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Watch a styrofoam cup collapse before your eyes! You can find acetone at a hardware store, or buy it in a small quantity from us. It is very flammable, so keep it away from all flames and use it in a well-ventilated area. This project requires adult supervision.
>> Watch our video demonstration below, then try it yourself!
What to do:
Styrofoam is mostly air, trapped in place by the polymer polystyrene. A polymer is a very large molecule formed by repeated patterns of chemical units strung together in long chains. The acetone dissolves the long polymer strands in the styrofoam, allowing all the trapped air to escape. Without air, the cup is just a blob of polystyrene on the bottom of the dish! You can pour off the excess acetone and let the blob of polystyrene dry into a hard lump of plastic.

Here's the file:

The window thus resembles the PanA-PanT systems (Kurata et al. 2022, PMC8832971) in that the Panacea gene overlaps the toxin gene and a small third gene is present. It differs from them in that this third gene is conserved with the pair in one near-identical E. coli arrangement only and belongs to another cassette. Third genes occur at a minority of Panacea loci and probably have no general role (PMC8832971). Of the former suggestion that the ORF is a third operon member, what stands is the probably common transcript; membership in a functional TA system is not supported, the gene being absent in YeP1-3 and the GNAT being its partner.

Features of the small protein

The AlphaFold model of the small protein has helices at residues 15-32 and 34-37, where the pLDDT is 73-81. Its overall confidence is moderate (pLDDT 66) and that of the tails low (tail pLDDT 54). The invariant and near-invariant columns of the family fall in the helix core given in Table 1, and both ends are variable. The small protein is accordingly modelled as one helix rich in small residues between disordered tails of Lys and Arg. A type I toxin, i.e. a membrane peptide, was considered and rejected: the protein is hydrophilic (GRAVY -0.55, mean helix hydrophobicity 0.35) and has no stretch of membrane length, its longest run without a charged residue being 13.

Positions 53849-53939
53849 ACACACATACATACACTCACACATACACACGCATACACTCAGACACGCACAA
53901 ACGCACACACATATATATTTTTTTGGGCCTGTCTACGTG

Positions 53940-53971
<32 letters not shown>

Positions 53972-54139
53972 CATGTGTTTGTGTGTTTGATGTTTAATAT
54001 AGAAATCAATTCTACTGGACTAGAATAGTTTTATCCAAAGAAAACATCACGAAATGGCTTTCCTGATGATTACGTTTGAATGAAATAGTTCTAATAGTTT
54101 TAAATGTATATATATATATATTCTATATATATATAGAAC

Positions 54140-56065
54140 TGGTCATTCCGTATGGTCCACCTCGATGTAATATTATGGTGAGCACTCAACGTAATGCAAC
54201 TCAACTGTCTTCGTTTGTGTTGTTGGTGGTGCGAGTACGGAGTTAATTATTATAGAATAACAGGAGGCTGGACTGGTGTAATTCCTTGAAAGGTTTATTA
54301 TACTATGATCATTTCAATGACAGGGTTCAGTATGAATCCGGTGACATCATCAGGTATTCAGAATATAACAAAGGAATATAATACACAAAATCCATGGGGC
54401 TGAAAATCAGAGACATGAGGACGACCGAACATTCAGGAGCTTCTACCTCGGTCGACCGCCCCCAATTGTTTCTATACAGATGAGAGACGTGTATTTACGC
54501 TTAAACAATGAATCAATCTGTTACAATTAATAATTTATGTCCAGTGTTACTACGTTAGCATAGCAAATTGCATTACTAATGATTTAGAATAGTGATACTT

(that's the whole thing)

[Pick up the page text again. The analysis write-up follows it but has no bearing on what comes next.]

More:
Note: This project makes a great lab safety demonstration: A teacher can pour water into a styrofoam cup and drink it, then pour acetone (which looks like water!) into the cup. Hold the second cup over a bowl or beaker to contain the mess. Use this to reinforce that one should never eat and drink in a lab. What looks like water may be something quite different!
A version of this project can be found in the Jr. Chemhead book. Check it out for many more fun projects like this!
Science Project Video - Collapsing Cup
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